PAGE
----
Society's ChildS


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Out-of-control man headbutts moving cars on Perth freeway


A man's dashcam has caught the moment a driver lost control on a Perth freeway and decided to take it out on the moving traffic - using his head.

He can be seen headbutting several moving cars, smashing windows and throwing himself head first through the windscreens of others.

The shocking incident happened after the man crashed his Mazda ute into an unattended Volkswagen which was parked in the emergency lane of Kwinana Freeway in Perth.

Witnesses report the agitated man got out of his vehicle and ran into the oncoming traffic, jumping on the bonnets of some cars before smashing everything in sight.

The dramatic outburst forced traffic to stop and caused a major jam on the city highway. Eye witnesses took to social media to report the incident, with one posting the dashcam footage of the man on YouTube. A police spokeswoman said inquiries are continuing into whether alcohol or drugs were involved.

The man is being assessed at Fremantle hospital.

Ambulance

Obamacare enrollee? The Obama administration attempts a definition

obamacare
© Andrew Harrer/Bloomberg
The fight over how to define the new health law's success is coming down to one question: Who counts as an Obamacare enrollee?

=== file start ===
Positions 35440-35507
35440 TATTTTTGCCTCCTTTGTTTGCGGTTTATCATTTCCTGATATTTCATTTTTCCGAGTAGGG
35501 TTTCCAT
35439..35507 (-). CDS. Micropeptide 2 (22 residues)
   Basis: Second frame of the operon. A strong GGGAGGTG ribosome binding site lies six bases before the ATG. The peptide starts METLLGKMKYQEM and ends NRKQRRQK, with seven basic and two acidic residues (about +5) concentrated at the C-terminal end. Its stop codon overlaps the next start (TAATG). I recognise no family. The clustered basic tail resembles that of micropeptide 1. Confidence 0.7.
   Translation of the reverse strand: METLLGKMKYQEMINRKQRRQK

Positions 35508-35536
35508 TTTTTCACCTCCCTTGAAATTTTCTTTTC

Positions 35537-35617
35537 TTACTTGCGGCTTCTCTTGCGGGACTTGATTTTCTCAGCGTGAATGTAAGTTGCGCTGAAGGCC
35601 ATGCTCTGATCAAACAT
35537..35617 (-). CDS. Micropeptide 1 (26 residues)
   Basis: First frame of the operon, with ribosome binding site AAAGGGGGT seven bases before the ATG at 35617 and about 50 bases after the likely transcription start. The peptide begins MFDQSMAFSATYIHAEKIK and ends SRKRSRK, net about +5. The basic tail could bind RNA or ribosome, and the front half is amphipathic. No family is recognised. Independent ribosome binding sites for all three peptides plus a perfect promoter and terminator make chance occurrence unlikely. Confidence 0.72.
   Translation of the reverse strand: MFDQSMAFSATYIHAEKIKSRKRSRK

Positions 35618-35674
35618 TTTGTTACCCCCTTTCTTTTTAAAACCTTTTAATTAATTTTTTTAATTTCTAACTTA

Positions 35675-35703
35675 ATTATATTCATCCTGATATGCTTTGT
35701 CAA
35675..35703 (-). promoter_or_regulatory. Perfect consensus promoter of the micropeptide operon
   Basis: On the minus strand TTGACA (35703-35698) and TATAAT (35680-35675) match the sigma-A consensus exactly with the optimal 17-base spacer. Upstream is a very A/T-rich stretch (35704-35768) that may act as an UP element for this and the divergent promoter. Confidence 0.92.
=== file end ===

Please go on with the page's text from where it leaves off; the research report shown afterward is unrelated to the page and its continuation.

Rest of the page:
Health insurance plans only count subscribers as enrolled in a health plan once they've submited a payment. That is when the carrier sends out a member card and begins paying doctor bills.

When the Obama administration releases health law enrollment figures later this week, though, it will use a more expansive definition. It will count people who have purchased a plan as well as those who have a plan sitting in their online shopping cart but have not yet paid.

"In the data that will be released this week, 'enrollment' will measure people who have filled out an application and selected a qualified health plan in the marketplace," said an administration official, who requested anonymity to frankly describe the methodology.

The disparity in the numbers is likely to further inflame the political fight over the Affordable Care Act. Each side could choose a number to make the case that the health law is making progress or failing miserably.

On Monday, the Wall Street Journal, citing anonymous sources, said insurance companies have received about 50,000 private health plan enrollments through HealthCare.gov. Even combined with state tallies, the figure falls far short of the 500,000 sign-ups the administration initially predicted for both private sign-ups and those opting for the expansion of Medicaid.